Emily LakdawallaSep 25, 2007

New Horizons now aimed directly at Pluto

This afternoon Alan Stern posted to unmannedspaceflight.com that New Horizons has successfully completed the trajectory correction maneuver that lines the spacecraft up for its July 14, 2015 encounter with Pluto. This is the first firing of the thrusters since before the encounter with Jupiter, and it is also the last such maneuver that it will perform before it has to re-target to a Kuiper belt object.

Just think about that: we're still almost eight years away from the Pluto system encounter, and New Horizons is already aimed right on target. The navigation team deserves some credit for this but I think that greater credit goes to the immutable laws of physics and the people who figured out the right mathematical equations to use to describe those laws, going all the way back to Newton.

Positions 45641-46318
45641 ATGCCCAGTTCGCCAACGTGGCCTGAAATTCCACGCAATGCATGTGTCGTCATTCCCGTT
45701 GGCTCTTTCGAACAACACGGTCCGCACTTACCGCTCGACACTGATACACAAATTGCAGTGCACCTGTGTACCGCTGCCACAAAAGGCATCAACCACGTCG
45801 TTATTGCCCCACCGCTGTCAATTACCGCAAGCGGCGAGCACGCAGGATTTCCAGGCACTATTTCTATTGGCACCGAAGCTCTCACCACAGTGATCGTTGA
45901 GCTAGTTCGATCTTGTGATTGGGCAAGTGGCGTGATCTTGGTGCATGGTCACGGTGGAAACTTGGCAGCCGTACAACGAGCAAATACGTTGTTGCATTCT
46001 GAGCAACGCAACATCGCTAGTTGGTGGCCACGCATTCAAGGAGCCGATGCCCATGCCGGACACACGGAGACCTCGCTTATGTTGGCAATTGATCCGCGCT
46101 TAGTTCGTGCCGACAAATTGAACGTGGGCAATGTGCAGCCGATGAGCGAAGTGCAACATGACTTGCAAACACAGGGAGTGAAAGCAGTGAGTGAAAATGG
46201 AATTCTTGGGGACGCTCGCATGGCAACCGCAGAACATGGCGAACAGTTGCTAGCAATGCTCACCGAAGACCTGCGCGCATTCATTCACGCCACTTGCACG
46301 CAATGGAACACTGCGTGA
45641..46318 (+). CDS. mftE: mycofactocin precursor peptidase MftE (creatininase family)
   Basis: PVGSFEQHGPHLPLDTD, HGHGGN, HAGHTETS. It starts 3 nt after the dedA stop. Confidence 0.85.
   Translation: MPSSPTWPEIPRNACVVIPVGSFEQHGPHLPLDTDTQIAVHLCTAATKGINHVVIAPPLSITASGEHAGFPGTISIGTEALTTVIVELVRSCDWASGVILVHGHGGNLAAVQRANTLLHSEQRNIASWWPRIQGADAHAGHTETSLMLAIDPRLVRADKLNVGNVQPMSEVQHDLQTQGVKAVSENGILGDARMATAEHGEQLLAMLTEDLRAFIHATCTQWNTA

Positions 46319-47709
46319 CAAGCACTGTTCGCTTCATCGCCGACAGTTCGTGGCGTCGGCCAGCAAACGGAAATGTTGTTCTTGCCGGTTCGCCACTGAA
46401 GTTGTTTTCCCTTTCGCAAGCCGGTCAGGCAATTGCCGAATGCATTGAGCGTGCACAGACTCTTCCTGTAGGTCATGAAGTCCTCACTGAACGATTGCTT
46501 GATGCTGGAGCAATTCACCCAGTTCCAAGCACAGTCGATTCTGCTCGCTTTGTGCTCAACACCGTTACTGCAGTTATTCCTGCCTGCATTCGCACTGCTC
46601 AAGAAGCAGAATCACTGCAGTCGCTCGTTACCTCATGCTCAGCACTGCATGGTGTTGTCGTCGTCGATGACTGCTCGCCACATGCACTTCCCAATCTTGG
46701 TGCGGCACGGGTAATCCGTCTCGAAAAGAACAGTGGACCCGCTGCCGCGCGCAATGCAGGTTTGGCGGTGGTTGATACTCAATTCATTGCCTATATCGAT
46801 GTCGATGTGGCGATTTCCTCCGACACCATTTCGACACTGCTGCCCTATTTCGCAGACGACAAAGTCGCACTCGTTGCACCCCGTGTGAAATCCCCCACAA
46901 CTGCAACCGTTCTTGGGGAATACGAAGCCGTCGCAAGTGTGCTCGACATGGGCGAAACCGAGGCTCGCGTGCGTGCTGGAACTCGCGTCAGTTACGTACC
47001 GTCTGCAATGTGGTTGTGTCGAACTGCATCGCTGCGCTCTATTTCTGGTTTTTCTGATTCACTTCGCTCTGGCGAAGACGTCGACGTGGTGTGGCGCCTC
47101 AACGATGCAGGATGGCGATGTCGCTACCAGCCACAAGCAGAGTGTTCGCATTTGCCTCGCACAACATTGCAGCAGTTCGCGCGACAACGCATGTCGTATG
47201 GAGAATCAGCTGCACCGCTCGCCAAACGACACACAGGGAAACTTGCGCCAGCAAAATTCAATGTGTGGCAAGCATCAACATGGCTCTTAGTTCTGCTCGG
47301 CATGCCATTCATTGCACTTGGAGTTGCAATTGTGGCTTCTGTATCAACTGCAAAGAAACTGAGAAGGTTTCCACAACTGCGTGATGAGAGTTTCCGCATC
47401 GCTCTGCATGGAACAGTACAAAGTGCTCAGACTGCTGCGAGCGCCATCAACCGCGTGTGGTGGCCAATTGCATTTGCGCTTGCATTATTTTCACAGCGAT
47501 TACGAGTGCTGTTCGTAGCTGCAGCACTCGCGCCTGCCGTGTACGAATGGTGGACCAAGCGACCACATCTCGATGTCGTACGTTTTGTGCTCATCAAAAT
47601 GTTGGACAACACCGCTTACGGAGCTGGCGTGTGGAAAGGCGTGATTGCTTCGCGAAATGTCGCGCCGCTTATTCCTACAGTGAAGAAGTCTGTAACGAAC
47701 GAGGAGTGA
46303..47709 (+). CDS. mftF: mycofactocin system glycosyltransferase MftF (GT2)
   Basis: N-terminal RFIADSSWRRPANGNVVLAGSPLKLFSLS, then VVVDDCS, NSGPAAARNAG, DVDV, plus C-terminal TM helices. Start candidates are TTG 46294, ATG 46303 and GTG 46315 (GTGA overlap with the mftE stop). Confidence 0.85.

And we can't forget the usually unsung heroes of the giant dishes of the Deep Space Network and their operators, without whom we wouldn't know anything about planetary missions -- neither science nor engineering data, and certainly not the ultra-accurate and precise position and velocity information about the spacecraft that you need to know in order to target a flyby eight years before it happens. Those dishes are in very serious need of overhauling and upgrading -- Alan, if you're reading this, I hope that's one of the things you're working on over there at NASA Headquarters. Upgrading the DSN is just about as politically exciting as repairing road bridges. Please, please, please don't let it take the catastrophic collapse of one of the 70-meter antennas to finally light a fire under the tail of Congress and NASA to fund necessary repairs to the DSN!

DSS-43, the 70-meter antenna at Canberra
DSS-43, the 70-meter antenna at Canberra DSS-43 is the largest steerable antenna in the southern hemisphere. Originally built to a diameter of 64 meters in 1973, it was expanded to 70 meters in 1987. It can transmit signals in the X and S radio bands and recieve signals in the X, S, L, K, and Ku bands. It can operate safely in winds up to 72 kilometers per hour, and is built to survive winds of up to 160 kilometers per hour. NASA

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